The Keys to Caching Drupal

The Keys to Caching Drupal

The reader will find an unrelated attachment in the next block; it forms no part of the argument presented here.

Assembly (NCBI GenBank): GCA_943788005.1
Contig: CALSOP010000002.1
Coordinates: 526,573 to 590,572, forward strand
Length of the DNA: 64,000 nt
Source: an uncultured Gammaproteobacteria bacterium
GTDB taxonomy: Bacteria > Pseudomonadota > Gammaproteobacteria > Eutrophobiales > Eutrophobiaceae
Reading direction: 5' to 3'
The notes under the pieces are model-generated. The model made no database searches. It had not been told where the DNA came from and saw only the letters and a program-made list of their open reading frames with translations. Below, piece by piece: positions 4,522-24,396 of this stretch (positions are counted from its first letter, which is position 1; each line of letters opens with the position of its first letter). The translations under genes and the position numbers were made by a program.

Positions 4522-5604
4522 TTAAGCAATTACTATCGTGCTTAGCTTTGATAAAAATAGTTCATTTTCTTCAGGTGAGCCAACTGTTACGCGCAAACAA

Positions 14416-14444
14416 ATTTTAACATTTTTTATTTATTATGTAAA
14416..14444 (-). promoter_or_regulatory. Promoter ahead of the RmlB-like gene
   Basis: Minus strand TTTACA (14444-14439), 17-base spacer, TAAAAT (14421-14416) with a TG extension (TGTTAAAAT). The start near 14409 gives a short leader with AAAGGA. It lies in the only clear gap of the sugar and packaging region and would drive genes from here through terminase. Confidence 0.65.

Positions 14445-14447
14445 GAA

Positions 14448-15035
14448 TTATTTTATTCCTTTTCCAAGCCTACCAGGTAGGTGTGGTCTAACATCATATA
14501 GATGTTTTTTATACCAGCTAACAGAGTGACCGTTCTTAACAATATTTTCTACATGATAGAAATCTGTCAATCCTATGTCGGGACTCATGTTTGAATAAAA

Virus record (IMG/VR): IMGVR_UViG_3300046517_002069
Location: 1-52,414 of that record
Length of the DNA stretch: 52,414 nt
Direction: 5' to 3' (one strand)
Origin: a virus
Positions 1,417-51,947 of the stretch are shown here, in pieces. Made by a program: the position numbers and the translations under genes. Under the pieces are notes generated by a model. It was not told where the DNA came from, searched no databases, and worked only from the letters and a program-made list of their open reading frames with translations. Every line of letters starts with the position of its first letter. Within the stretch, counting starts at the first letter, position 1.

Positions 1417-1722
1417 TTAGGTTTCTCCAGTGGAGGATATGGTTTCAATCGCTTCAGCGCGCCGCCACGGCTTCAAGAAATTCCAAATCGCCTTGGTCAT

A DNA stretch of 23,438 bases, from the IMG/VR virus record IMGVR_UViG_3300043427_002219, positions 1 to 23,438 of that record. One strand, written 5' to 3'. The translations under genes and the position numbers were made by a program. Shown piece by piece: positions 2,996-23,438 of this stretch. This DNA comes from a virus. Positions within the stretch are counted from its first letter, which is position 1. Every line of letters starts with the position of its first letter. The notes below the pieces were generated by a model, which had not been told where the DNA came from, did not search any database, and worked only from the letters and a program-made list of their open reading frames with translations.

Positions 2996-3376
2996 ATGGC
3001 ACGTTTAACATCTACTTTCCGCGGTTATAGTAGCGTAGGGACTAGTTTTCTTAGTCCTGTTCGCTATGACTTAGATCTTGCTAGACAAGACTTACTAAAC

If you have ever tried to run a site without any caching at all, you will pretty quickly appreciate the value it brings to a site. Caching is basically storing previous information requests and calculations and checking to see if it has already been done before doing it again. For example, if I asked you to look up a name in the address book and you put your finger there and closed the book, if I again asked you for the same name you could very quickly look it up. This is very useful for common tasks and lookups since it can save time and resources that can be dedicated elsewhere. You can't cache everything though for example, if I asked you to look up 10,000 names in the address book, caching wouldn't help at all. In serving up a web page with Drupal there are many, many layers of cache involved but to understand all of them, we have to follow the request from beginning to end when loading a page. Requests start at the browser of the end user requesting a web page. They then go to the web host where a process, apache, receives the request. Since Drupal is a php language and php isn't a compiled language, php compiles all the code that it needs to service the request. It then begins to service the request. Drupal decides which module needs to respond with the page request through database queries and much computation. When this is done it returns the response to apache which sends it to your browser. Browser->Apache->PHP->Mysql This process is actually fairly slow on your average machine if it is run from beginning to end. It also takes up a lot of CPU and RAM. Without any caching at all, an average machine would only be able to serve up a few requests at a time and each request would take at least several seconds, possibly longer. Obviously this is not ideal and that is where caching comes in. Turns out much of what is going on is very similar if not identical the vast majority of the time. We can add layers of caching and drastically speed things up. If you are running Drupal correctly you should have caching on just about every layer of serving up a request. The first level of caching to enable is browser caching. This basically tells the user's browser how long it can keep using a file without checking the server for an update and downloading it again. A good example of this would be your logo. There is no reason that every time someone goes to a new page on your website they need to download the logo again. Their browser should cache this and use the same one over and over again. To enable browser caching make sure your have apache mod_expires turned on. If you have this turned on, it will tell the browser to cache all files for 2 weeks. If you want to tweak this more you can find the settings in your .htacess file. The next level of caching you should consider is a reverse proxy caching system, most commonly varnish. This changes the requests a little to this: Browser->Varnish->Apache->PHP->Mysql Many people coming to your website are going to be anonymous users coming to your home page. Is it really necessary to rebuild the home page for each one of these? Varnish allows you to cache many of the common non-dynamic pages on your website and quickly server them up. So the first anonymous person to go to your home page Varnish would see that there is no cache for it and ask Apache to render the page. The next anonymous user would be served directly from Varnish and apache would never need to get involved. To use Varnish be sure to install and configure the varnish daemon, modify the default.vcl file and install the varnish drupal module. Also be sure to use Pressflow instead of vanilla Drupal as it has some tweaks that allow it to better work with Varnish. For more information see http://drupal.org/project/varnish The third level of caching is the php being compiled on your server. Php is a non-compiled language meaning that you never compile binaries to run. Instead, every time the code is run it is compiled again. This is great for a simple site that you are constantly updating but adds a performance hit for larger production sites. Luckily php has a couple of good Op code caches that will cache the compiled code. They are APC and eaccelerator. These are very easy to install and use and require no drupal changes or customizations. Simply install them on your sever and add a few lines of config code to php.ini. I've seen sites drop 25% of the load time after adding a simple Op code cache. See http://drupal.org/project/apc The fourth level of caching is Drupal's internal caching system. Drupal allows modules to store different things in the cache that will more quickly speed up page loads. You can store blocks, views and even whole pages. This is a bit slower than Varnish for caching the whole page as Apache and php compiles have to get involved. By default the caching system in Drupal stores the cache in the database. It is pluggable though and a very popular alternative is to use memcache. Memcache uses system memory that is very fast to cache things instead of storing them in a slow database. To use memcache, install the daemon and use the drupal memcache module. You can find out more about memcache here: http://drupal.org/node/1131458 Finally there is one more level of caching involved in serving up Drupal web pages. That is the database cache. Each database request (and there are a lot!) is cached and served up from mysql's cache if possible. By default mysql comes with decent settings for caching queries. For very high performance sites you may want to tweak the settings and improve them based on your server's capacities. You can find more information on tuning mysql here: http://drupal.org/node/51263 For more information on high performance and scalability see http://drupal.org/node/326504 Obviously there are lots more things you can do with caching a website but these are a great place to start and can dramatically improve the performance of your site for many of your users. It's amazing to take a site that is taking 7-10 seconds to load and properly configuring the caches and seeing the response times come down to under a second. Photo credit: http://www.flickr.com/photos/jmrosenfeld/2903513401/